Reflections From My Third Year of Teaching

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Balloons.  Streamers.  Confetti.  Glitter.  Maybe a little more glitter.
I’ve officially survived rocked my third year of teaching!  
Excuse me while I shake the glitter out of my hair.

I can’t believe it has already been 3 years since I began my journey teaching.  And it has already been 2 years since I walked across the stage with this fantastic group of people.  Time flies!

Now that we’ve gotten the celebrations out of the way, I thought it would be nice to share my honest reflections after my third year of teaching.  I’m going to share it all – the good, the bad, and the ugly.
The Good

After feeling fairly frustrated with teaching (yes after two years) with all of the red tape, standardized testing, and other hoops to jump through I knew that I had to find my happy place.  For those of you who may not know, I unexpectedly left my teaching position during my second year of teaching to move to another school/district.

Trust me, I had a great reason, and you can read more about that [here].

That was the best decision I have ever made for my career – well besides going to grad school maybe.  By standing up for what I believe in I landed a job at my dream school.  The mister calls it Hogwarts…  And it truly is a magical place.  A school that values learning through play, project-based learning, developing the social-emotional aspect of children, has a chicken coop as well as a cow, pig, and goats, and I could go on, and on.  It’s a great feeling to know that I’ve found my place in education.

A surprising reflection from this year is the reduction in stress.  I was honestly so nervous to enter the world or private school, and I felt that I was going to be overwhelmed with pressure and helicopter parents.  I was wrong.  Yes, there was pressure, but what job is without pressure?  However the pressure was never like it was before – get your objectives posted by 7:30 AM, make sure you are working to prepare your First Grade students for the STAAR test, ensure that your children work at least 20 minutes EVERY DAY on the Istation reading program – none of that nonsense.  And the parents?  They’ve been fantastic.

This year I stepped out of my comfort zone and planned not one, but two project-based learning units.  I’ll be honest, I had never even heard of project-based learning before this year.  I think the units went well overall – but in reflection I know that I will do a bit more pre-planning for the units next year so that I can sit back and enjoy the ride.

I feel like I rocked math centers this year.  I finally have found a good balance of whole-group math lessons and game-based centers.  I saw huge growth, the kids had fun, and I can now say I’ve taught Everyday Math.  We adopt the latest version next year, so fingers are crossed it continues to be game based.

The Bad Not So Good

This was my first year diving into the writing world of Lucy Calkins.  While I have grown an appreciation for her approach to teaching writing, I know that this was not my strongest suit this year.  Looking back I remember having an “oh $#%@” moment and realizing my kids had not progressed quite to where they should be at that point.  We put things into overdrive, and I feel confident my kiddos are ready for First Grade – but I will definitely be looking/reading more about her methodology for next year.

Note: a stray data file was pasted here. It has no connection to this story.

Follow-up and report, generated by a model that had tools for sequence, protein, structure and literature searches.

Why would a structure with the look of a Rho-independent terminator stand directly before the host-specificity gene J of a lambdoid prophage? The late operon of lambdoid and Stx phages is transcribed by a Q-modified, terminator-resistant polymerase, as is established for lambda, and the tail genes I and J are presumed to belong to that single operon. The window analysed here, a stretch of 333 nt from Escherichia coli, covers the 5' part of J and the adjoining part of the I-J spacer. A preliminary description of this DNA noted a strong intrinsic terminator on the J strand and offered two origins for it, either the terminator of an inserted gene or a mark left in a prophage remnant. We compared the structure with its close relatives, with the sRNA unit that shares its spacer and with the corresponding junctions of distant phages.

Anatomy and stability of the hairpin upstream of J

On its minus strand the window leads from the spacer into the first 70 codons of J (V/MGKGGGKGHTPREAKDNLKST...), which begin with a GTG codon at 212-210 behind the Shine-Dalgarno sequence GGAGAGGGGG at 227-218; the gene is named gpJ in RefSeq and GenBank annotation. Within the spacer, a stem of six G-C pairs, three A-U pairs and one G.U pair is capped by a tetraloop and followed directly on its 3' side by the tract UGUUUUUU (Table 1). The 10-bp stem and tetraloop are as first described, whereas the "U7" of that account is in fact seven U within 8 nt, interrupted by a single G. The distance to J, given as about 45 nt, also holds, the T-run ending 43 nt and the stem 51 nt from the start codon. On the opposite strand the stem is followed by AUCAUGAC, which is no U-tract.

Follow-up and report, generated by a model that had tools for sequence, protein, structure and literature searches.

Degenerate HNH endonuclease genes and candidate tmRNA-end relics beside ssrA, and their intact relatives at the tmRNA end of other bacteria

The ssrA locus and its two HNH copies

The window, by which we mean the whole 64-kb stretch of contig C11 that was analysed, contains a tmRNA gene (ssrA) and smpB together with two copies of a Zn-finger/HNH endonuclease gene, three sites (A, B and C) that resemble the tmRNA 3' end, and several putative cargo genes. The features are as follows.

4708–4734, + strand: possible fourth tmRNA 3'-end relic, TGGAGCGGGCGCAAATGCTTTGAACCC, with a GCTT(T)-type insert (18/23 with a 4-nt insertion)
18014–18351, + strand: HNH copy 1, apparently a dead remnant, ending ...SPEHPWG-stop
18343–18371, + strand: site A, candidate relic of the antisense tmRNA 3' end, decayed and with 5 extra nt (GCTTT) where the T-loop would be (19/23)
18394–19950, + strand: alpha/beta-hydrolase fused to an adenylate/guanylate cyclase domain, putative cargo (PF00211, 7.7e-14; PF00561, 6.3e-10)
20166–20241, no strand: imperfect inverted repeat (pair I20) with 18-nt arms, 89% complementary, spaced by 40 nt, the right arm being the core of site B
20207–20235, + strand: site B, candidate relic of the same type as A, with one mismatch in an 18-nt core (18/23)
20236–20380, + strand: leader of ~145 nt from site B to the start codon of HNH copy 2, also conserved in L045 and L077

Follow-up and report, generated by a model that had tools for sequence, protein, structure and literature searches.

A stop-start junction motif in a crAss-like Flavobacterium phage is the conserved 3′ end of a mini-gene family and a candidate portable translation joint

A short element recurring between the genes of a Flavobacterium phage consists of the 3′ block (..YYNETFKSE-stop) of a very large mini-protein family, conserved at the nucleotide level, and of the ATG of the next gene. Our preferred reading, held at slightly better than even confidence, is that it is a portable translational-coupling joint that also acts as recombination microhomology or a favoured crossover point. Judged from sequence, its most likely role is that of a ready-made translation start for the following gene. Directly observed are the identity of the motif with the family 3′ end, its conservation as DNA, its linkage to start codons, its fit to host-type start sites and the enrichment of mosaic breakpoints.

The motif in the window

Moving to a new school can always be challenging for forming relationships.  I landed on a great team, but I feel like we didn’t really get to know each other (much less teachers in other grade levels).  My goal next year is to branch out and get to know more of the teachers.

In trying to learn the ropes at a new school, I feel like I let my identity as a teacher with autonomy go somewhat.  No I didn’t become some robotic alien, as exciting as that may have been.  I guess this one is hard for me to put into words.  So lets just say that I plan on making sure that my voice/vision is apparent in my classroom a little more next year.

The Ugly Surprisingly Humbling

My school believes in handmade/teacher-made classroom materials.  No I don’t mean to say that we go into a woodworking shop and build our own supply caddies and whittle pencils from sticks…  Rather my school likes to see very little to no worksheets – and anything that may even be slightly thought of as a worksheet should have been made by the teacher.  We also don’t use a lot of cutesy stuff from teacher supply stores to decorate our classrooms.  In fact the only thing hanging on a wall in my room that is from a teacher store is the background for the calendar (yet the students make the actual calendar pieces each month) and a pocket chart for keeping track of days in school.

This was a hard pill to swallow as I embarked on my exciting new journey.  Here I am, Teachers Pay Teachers author, and my school doesn’t use worksheets or pages with lots of cute clip art.  Surprisingly this made me feel less pressure as I went through the year.  I didn’t have to spend time adding borders and clip art to anything I was making for class.  I didn’t have to spend loads of money buying borders, punch out letters, or poster.  I didn’t have to spend hours creating bulletin boards (because only student work goes on the walls – it is their classroom after all).  And guess what?  My kids still learned.

Do I plan to continue creating for TpT?  Of course.  My vision for what I can create has just been broadened.  And I’m very, very excited to begin creating more products that would still be acceptable at my school as well as others.

Thank you to my friend Greg over at [The Kindergarten Smorgasboard] for posting your reflections and inspiring me to do the same!

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